| Home > 106th Congressional Bills > H.R. 2379 (ih) To ensure that adequate frequencies of the electromagnetic spectrum are available for biomedical telemetry. [Introduced in House] ...
H.R. 2379 (ih) To ensure that adequate frequencies of the electromagnetic spectrum are available for biomedical telemetry. [Introduced in House] ...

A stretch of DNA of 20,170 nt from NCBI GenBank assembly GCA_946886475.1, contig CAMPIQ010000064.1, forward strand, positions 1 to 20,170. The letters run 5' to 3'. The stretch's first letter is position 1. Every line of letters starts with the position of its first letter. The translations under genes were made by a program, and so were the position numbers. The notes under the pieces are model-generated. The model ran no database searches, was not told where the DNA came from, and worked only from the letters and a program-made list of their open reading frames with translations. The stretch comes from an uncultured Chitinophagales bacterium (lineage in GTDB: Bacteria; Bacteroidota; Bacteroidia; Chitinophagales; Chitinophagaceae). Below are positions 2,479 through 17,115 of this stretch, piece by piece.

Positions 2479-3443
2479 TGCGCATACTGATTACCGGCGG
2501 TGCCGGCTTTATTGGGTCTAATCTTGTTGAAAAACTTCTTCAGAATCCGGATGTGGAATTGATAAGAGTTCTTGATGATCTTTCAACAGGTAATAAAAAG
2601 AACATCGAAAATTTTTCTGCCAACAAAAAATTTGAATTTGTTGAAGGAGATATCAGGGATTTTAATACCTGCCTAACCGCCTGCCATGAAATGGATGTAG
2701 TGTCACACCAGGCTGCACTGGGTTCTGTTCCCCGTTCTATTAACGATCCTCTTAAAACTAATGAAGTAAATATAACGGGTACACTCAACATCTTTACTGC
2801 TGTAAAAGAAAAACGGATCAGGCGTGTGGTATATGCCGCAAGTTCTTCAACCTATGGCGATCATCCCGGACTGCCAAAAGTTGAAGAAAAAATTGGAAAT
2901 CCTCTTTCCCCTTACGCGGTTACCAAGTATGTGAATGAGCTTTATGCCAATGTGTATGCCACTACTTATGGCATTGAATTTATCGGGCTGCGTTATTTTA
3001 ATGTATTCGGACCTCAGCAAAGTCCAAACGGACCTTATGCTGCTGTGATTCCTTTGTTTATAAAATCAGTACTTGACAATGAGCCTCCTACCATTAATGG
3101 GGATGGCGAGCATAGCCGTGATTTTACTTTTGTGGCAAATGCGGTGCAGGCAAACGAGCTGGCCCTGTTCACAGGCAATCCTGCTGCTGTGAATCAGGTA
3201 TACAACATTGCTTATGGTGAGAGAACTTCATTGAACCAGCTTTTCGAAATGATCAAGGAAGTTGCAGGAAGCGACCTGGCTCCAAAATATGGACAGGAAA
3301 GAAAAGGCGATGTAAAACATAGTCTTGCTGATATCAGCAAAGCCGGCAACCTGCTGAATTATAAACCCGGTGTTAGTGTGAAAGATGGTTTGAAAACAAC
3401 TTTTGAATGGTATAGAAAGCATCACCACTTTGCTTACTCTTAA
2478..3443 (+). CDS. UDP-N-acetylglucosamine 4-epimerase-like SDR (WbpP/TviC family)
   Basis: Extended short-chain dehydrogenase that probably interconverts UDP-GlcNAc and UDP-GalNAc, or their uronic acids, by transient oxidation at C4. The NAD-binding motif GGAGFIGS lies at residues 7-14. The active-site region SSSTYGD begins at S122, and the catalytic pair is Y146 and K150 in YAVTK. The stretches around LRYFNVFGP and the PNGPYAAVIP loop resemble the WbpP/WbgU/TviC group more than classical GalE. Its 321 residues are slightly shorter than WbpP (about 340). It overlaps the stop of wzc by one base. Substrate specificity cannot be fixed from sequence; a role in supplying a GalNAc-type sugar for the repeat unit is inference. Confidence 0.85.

108th CONGRESS 1st Session H. R. 2378 To reform the safety practices of the railroad industry, to prevent railroad fatalities, injuries, and hazardous materials releases, and for other purposes. _______________________________________________________________________ IN THE HOUSE OF REPRESENTATIVES June 5, 2003 Mr. Oberstar (for himself, Ms. Corrine Brown of Florida, and Mr. Filner) introduced the following bill; which was referred to the Committee on Transportation and Infrastructure _______________________________________________________________________ A BILL To reform the safety practices of the railroad industry, to prevent railroad fatalities, injuries, and hazardous materials releases, and for other purposes. Be it enacted by the Senate and House of Representatives of the United States of America in Congress assembled, SECTION 1. SHORT TITLE; TABLE OF CONTENTS. (a) Short Title.--This Act may be cited as the ``Railroad Safety Reform Act of 2003''. (b) Table of Contents.-- Sec. 1. Short title; table of contents. Sec. 2. Findings. Sec. 3. Amendment of title 49, United States Code. TITLE I--EMPLOYEE FATIGUE Sec. 101. Definitions. Sec. 102. Limitations on duty hours of train employees. Sec. 103. Limitations on duty hours of signal employees. Sec. 104. Limitations on duty hours of dispatching service employees and power directors. Sec. 105. Employee sleeping quarters. Sec. 106. Fatigue management plans. Sec. 107. Conforming amendments. Sec. 108. Limitations on duty hours of transport vehicle drivers. Sec. 109. Electronic recordkeeping. Sec. 110. Split shifts. Sec. 111. Rotating shifts. Sec. 112. Recommendations on hours of service changes. TITLE II--PROTECTION OF EMPLOYEES AND WITNESSES Sec. 201. Expansion of employee protections. Sec. 202. Employee reports. Sec. 203. Audits of reporting. Sec. 204. Interfering with or hampering safety investigations. TITLE III--GRADE CROSSING SAFETY Sec. 301. Toll-free number to report grade crossing problems. Sec. 302. Grade crossing signal violations. TITLE IV--PASSENGER SERVICE SAFETY STANDARDS Sec. 401. Emergency windows. Sec. 402. Passenger railroad signal systems. Sec. 403. Passenger locomotive fuel tanks. Sec. 404. Positive train control. TITLE V--SAFETY RULEMAKING AND ENFORCEMENT Sec. 501. Purpose. Sec. 502. Railroad safety conference. Sec. 503. Rulemaking process. Sec. 504. Crane safety. Sec. 505. Railroad car visibility. Sec. 506. High-speed rail noise regulation. Sec. 507. Track safety. Sec. 508. Enhanced inspection and investigation authority under the Federal railroad safety laws. Sec. 509. Expansion of emergency order authority. Sec. 510. Safety inspectors. TITLE VI--MISCELLANEOUS PROVISIONS Sec. 601. Safety considerations in grants or loans to commuter railroads. Sec. 602. Technical amendments regarding adjustment of civil penalties for inflation. Sec. 603. Certification of locomotive engineers and other safety- related railroad personnel. Sec. 604. Transport motor vehicle inspections. Sec. 605. Conrail safety exemption. Sec. 606. Seniority rights. SEC. 2. FINDINGS. The Congress makes the following findings: (1) The railroad industry has achieved a reduction in the number of fatalities, and the number of some types of accidents, such as collisions and grade-crossing accidents, has fallen sharply. But the number of derailments and employee fatalities has remained almost unchanged in recent years, and some key safety issues have not been adequately addressed. Employee fatigue remains a critical problem, and harassment and intimidation of railroad employees continue to cast doubt on the reliability of rail safety statistics and to create a hostile working environment that is not conducive to safety. Concerted efforts are needed to address these problems so that railroad safety can be further improved. (2) The Safety Assurance and Compliance Program is an approach to safety that emphasizes the active partnership of the Federal Railroad Administration, rail labor representatives, and railroad management in identifying current safety problems and jointly developing effective solutions to those problems. One fundamental principle of this approach is tracing a safety problem to its root cause and attacking that cause rather than only its symptoms. Where a problem is determined to be system-wide, this approach calls for a system- wide solution. Under this approach, the Federal Railroad Administration seeks to focus its inspection and enforcement resources on the most serious safety problems. This approach has demonstrated significant capacity for identifying and eliminating the root cause of system-wide safety problems by enlisting those most directly affected by such problems-- railroad employees and managers--in a partnership effort. Used together with the Federal Railroad Administration's regular inspections and enforcement tools, this approach provides a firm basis for addressing the safety challenges facing the changing railroad industry and advancing toward the safety program's ultimate goal of zero tolerance for any safety hazard in the railroad industry. (3) The Railroad Safety Advisory Committee, which was established under the Federal Advisory Committee Act (5 U.S.C. App. 2), is proving to be an effective means of involving interested members of the railroad community in the development of railroad safety rules issued by the Federal Railroad Administration. The continued use of this collaborative method of developing safety regulations is more likely to produce rules that are based on an industry consensus and, accordingly, that are more readily understood and more consistently complied with, than rules developed under more traditional methods. SEC. 3. AMENDMENT OF TITLE 49, UNITED STATES CODE. Except as otherwise expressly provided, whenever in this Act an amendment or repeal is expressed in terms of an amendment to, or a repeal of, a section or other provision, the reference shall be considered to be made to a section or other provision of title 49, United States Code. TITLE I--EMPLOYEE FATIGUE SEC. 101. DEFINITIONS. Section 21101 is amended-- (1) by amending paragraph (2) to read as follows: ``(2) `dispatching service employee' means an operator, train dispatcher, or other train employee, including an employee of an independent contractor, who-- ``(A) by the use of an electrical or mechanical device dispatches, reports, transmits, receives, or delivers orders related to or affecting train movements; or ``(B) directly supervises an employee who carries out responsibilities described in subparagraph (A), but such term does not include a power director.''; (2) by redesignating paragraphs (3), (4), and (5), as paragraphs (4), (7), and (8), respectively; (3) by inserting after paragraph (2) the following new paragraph: ``(3) `dually employed' means being at the same time in the employ of two or more railroad carriers, of two or more independent contractors, or of both one or more railroad carriers and one or more independent contractors.''; (4) in paragraph (4), as so redesignated by paragraph (2) of this section, by striking ``or a train employee'' and inserting ``a train employee, a power director, or a transport vehicle driver''; (5) by inserting after paragraph (4), as so redesignated by paragraph (2) of this section, the following new paragraphs: ``(5) `independent contractor' means an independent contractor to a railroad carrier and includes a subcontractor to an independent contractor. ``(6) `power director' means-- ``(A) a train employee, including an employee of an independent contractor, who affects the movement of trains through control of third rail or pantographic electric power; and ``(B) an individual, including an employee of an independent contractor, who-- ``(i) supervises operations and sectionalizing of an electric power distribution system which transmits electrical energy for the propulsion of trains; ``(ii) directs opening and closing of circuit breakers affecting the movement of trains and for the protection of employees and others engaged in work on, or in close proximity to, any portion of the electric power distribution system which transmits electrical energy for the propulsion of trains; or ``(iii) disconnects and sectionalizes switches as required for the movement of trains and for the protection of employees and others engaged in work on, or in close proximity to, any portion of the electric power distribution system which transmits electrical energy for the propulsion of trains.''; (6) in paragraph (7), as so redesignated by paragraph (2) of this section, by striking ``employed by a railroad carrier who is engaged in installing, repairing, or maintaining signal systems'' and inserting ``engaged in installing, repairing, or maintaining signal systems, including an employee of an independent contractor, and including any individual who directly supervises an individual engaged in those activities''; (7) in paragraph (8), as so redesignated by paragraph (2) of this section, by inserting ``and an employee of an independent contractor, and any individual who directly supervises an individual engaged in those activities'' after ``including a hostler''; and (8) by adding at the end the following new paragraphs: ``(9) `transport motor vehicle' means a motor vehicle used to transport any person employed by a railroad carrier or its independent contractors to or from a work site. ``(10) `transport vehicle driver' means a manager, supervisor, official, agent, or other employee of a railroad carrier or its independent contractor who drives a transport motor vehicle to or from a work site for the purpose of transporting persons employed by a railroad carrier or its independent contractors.''. SEC. 102. LIMITATIONS ON DUTY HOURS OF TRAIN EMPLOYEES. (a) General Rules.--Section 21103(a) is amended-- (1) by striking ``officers'' and inserting ``managers, supervisors, officers,''; and (2) by striking paragraphs (1) and (2) and inserting in lieu thereof the following: ``(1) unless that employee, during the prior 24 hours, has had at least 8 consecutive hours off duty, during which the employee receives no communication from such employing railroad carrier or its managers, supervisors, officers, and agents; ``(2) for a period in excess of 12 consecutive hours; ``(3) after that employee has been on duty for 10 or more consecutive hours, unless that employee immediately after being released from such period of duty has at least 10 consecutive hours off duty; ``(4) unless that employee has received notice at least 8 hours before beginning such duty; ``(5) unless that employee has had at least one period of at least 24 consecutive hours off duty in the past 7 days; and ``(6) unless, when last released from duty at that employee's home terminal, the employee had as much time off duty at the employee's home terminal as the employee most recently had off duty at an away-from-home designated terminal of the employee. In the case of a dually employed employee, a railroad carrier shall not be held responsible for violating this subsection because of the employee's work schedule for another employer if none of the railroad carrier's managers, supervisors, officers, and agents had actual knowledge of that work schedule. For purposes of the preceding sentence, a railroad carrier's managers, supervisors, officers, and agents shall be considered to have actual knowledge of the work schedules of the train employees of its independent contractors. A railroad carrier shall be held responsible for the actions of its independent contractors in requiring or allowing a train employee to remain or go on duty.''. (b) Determining Time on Duty.--Section 21103(b) is amended-- (1) in paragraph (3), by striking ``the railroad carrier'' and inserting ``a railroad carrier or independent contractor''; (2) in paragraph (4), by inserting ``or waiting on a train for deadhead transportation from a duty assignment'' after ``to a duty assignment''; (3) in paragraph (7)(D), by striking ``officer or agent'' and inserting ``manager, supervisor, officer, or agent''; and (4) by inserting the following new paragraph at the end: ``(8) All time on duty for any railroad carrier or independent contractor shall be included.''. (c) Notice About Dual Employment.--Section 21103 is amended by adding at the end the following new subsection: ``(d) Notice About Dual Employment.--(1) Not later than January 31 each year, a railroad carrier shall inform in writing each train employee engaged in or connected with the movement of a train the railroad carrier operates-- ``(A) that all time spent performing aggregate duty for one or more railroad carriers and one or more independent contractors counts as time on duty under this section; ``(B) about the employee's responsibilities under paragraph